Alabama Gov. Kay Ivey admits she was wrong for sporting blackface during a college skit but says she has no plans of quitting her post over something that happened so very long ago.
“Heavens no, I’m not going to resign,” Ivey, 74, told reporters Tuesday in her first public appearance since publicly apologizing last week. “It’s something that happened 52 years ago and I’m not that person”
“My administration stands on being inclusive and helping people,” she added. “I’m full speed ahead.”
The Republican governor apologized Thursday after a resurfaced college radio interview from 1967 in which her then-fiancé Ben LaRavia described Ivey as wearing overalls and “black paint all over her face” for a skit at the Baptist Student Union, according to The Associated Press. Ivey was the vice president of Auburn University‘s Student Government Association at the time.
The damning tape was uncovered by a group of Auburn students tasked with digitizing years of audio tapes housed in the university’s library as part of an ongoing project
Ivey had previously denied ever wearing blackface and, on Tuesday, said she didn’t recall performing the offensive skit at all.
“I was shocked to hear the tape,” she told reporters. “I didn’t remember being at the Baptist Student Union in any kind of skit like that for sure. But I apologize for it. I should have not done that, and I know it’s important to apologize to the people of Alabama.”
Ivey’s admission and subsequent apology was well received by most Alabama leaders, including Black Sen. Bobby Singleton (D-Greensboro), who said he appreciated the governor for “owning” the incident.
While news of the act was “painful,” the state Senate Minority Leader said he accepted Ivey’s apology and hopes to have more conversations around race relations.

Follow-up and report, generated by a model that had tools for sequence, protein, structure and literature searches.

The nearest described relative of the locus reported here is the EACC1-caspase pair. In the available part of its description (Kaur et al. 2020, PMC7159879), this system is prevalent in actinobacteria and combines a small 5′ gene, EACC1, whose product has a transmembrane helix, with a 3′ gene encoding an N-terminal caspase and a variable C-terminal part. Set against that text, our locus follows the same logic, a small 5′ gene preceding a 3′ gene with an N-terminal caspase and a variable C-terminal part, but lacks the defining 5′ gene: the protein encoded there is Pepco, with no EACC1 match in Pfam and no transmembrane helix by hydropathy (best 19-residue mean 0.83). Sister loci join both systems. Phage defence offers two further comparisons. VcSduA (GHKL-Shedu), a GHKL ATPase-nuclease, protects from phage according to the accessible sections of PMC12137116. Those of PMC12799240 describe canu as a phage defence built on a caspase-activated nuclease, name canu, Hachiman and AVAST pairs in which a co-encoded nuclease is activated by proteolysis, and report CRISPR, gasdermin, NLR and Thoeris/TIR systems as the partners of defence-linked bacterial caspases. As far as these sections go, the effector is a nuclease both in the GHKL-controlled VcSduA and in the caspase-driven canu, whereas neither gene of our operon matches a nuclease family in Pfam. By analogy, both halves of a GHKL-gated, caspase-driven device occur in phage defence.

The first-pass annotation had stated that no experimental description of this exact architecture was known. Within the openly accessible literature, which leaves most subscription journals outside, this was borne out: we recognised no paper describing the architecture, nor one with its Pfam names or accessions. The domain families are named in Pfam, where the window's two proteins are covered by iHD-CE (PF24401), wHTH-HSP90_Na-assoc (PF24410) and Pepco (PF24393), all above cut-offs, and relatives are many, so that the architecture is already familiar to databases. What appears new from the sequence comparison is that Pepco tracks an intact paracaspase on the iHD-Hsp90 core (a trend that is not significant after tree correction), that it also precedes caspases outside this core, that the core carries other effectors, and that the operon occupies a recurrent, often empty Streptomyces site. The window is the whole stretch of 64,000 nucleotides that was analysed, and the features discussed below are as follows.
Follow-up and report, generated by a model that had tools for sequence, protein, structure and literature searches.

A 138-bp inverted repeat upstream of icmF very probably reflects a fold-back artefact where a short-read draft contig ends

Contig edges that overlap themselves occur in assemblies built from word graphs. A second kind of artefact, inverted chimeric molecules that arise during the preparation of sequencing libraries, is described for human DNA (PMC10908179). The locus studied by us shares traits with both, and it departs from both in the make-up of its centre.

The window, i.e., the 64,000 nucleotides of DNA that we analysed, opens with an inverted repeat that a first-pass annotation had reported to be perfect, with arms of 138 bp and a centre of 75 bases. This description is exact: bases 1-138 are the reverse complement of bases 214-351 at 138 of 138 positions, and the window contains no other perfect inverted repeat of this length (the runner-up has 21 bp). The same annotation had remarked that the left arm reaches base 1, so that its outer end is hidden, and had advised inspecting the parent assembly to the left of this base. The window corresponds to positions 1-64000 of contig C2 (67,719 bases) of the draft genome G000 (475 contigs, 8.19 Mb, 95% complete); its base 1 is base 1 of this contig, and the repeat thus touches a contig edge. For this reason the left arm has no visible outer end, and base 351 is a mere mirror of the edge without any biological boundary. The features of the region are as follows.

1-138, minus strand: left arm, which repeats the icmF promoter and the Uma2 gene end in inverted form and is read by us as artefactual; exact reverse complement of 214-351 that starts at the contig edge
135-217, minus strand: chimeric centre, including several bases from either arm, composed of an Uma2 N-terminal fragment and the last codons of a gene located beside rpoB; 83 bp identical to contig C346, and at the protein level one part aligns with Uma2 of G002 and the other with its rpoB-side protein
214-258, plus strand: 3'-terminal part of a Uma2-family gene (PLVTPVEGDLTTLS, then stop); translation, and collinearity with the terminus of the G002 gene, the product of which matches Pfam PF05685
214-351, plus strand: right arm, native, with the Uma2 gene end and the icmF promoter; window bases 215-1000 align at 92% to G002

The Alabama NAACP wasn’t as jovial, however. The civil rights group has called for Ivey’s immediate resignation and argued that her apology “does not erase the fact that she participated in these activities that mocked and intimidated African Americans.”
In a statement, the NAACP underscored the governor’s refusal to expand Medicaid or raise the minimum wage, as well as her support for legislation to preserve Confederate monuments. The group argued that if Ivey was serious about racial reconciliation, she would support policies that will help “move the state forward [and] level the playing field in areas of education, and healthcare.”
“You are the leader who can do away with the status quo, and you are in a key position to leave a legacy that heals the hearts of Southerners who got slavery and the confederacy wrong,” the statement read.
Alabama NAACP President Benard Simelton said that if Ivey is unwilling to do this, however, “then just maybe her blackface skit performed 52 years ago has shaped who she is today.”
“Furthermore, The NAACP believes Governor Ivey needs to do the right thing and resign as Governor and let someone lead the people of Alabama into a brighter and more inclusive future, not the status quo,” he added.
The Alabama governor said Tuesday that she’s opening to hearing suggestions about taking steps toward racial reconciliation.